by Matsuo Basho
leaking through the roof
dripping from the wasps’ nest
Rainsticks have been used by many cultures, but Chile is typically associated with its origin. Traditionally, they were made out of hollowed and dried cacti which had their exterior thorns removed and hammered back in. Small lava pebbles were inserted, the ends covered with wood, and when the tube was rotated they cascaded over the thorns creating a lovely rain-like sound. They were then used to call upon the gods to provide rain in what were very dry climates.
Today, they are commonly used as percussion instruments, and purchased by tourists as souvenirs of their travels. And you know it’s really gone mainstream when there’s a Rainstick App for the iphone.
Why not make a rainstick to celebrate Earth Day (April 22nd). Think about all the positive things we can do for our planet and write a spring poem about it, or call on the rain gods while dancing to some great Chilean music.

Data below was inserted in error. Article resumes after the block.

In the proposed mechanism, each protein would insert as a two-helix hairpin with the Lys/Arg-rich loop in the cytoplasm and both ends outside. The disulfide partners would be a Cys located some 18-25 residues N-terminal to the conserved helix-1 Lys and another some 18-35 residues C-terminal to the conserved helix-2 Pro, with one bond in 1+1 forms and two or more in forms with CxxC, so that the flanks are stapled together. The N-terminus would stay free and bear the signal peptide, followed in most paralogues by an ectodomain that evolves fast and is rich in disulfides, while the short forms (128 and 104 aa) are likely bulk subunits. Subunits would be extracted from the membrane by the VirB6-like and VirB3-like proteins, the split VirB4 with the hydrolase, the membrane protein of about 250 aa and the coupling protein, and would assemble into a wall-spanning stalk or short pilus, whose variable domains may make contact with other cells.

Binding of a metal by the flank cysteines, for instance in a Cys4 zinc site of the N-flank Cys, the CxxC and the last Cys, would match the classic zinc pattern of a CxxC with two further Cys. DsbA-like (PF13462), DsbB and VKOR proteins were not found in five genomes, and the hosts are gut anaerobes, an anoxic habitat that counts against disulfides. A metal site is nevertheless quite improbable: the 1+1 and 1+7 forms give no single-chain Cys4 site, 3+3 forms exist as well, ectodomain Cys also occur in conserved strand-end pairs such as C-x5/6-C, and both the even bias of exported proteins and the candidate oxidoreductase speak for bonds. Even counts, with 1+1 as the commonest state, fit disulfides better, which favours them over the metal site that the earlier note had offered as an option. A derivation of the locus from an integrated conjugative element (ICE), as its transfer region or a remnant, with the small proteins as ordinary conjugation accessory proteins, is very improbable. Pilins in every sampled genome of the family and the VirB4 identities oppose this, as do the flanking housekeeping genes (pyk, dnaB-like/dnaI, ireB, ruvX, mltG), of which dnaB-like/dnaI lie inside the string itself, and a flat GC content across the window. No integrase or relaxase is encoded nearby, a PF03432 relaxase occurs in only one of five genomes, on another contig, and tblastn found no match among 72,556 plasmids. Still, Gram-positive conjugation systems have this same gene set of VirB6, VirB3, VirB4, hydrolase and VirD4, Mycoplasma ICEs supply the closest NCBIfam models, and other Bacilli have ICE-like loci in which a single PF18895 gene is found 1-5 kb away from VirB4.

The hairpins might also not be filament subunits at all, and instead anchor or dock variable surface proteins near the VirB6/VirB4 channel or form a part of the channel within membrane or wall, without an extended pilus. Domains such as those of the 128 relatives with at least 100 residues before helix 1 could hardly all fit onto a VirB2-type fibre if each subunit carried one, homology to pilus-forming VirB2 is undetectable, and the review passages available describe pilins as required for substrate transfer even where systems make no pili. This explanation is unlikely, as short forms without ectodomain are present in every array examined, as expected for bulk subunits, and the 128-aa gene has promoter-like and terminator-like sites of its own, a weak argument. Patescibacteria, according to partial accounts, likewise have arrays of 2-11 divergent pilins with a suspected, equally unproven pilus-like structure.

- 1 1/2″ x 18″ cardboard mail tube
- beans, rice or similar
- sponges and paint brushes
- elastics (optional)
1. Cut a piece of foil 1 1/2 times the length of the tube. Squish it lengthwise and make a long zigzag shape. Insert it into the tube so it takes up the entire length, and add about a 1/4 cup of rice or something similar. This will fall over the foil and make noise when you rotate your tube. Place the cap on the end, and if you want to make sure it doesn’t open up, add a little glue on the inside first. Next, add several colorful elastics near the top. The elastics are optional, but I found they prevented the yarn from slipping down.
2. When deciding what to paint on the tube, try and focus on elements in nature like the sun, flowers, animals, etc. Remember, rainsticks were traditionally made with things found only in nature. You can also create interesting textures by dipping sponges in the paint and applying it to your tube.
3. Once dry, tie several strands of different coloured yarn near the top. Attach a few feathers to the ends and you’re ready for some barefoot dancing to invoke the spirits.
Books to accompany this project:
Music From Chile: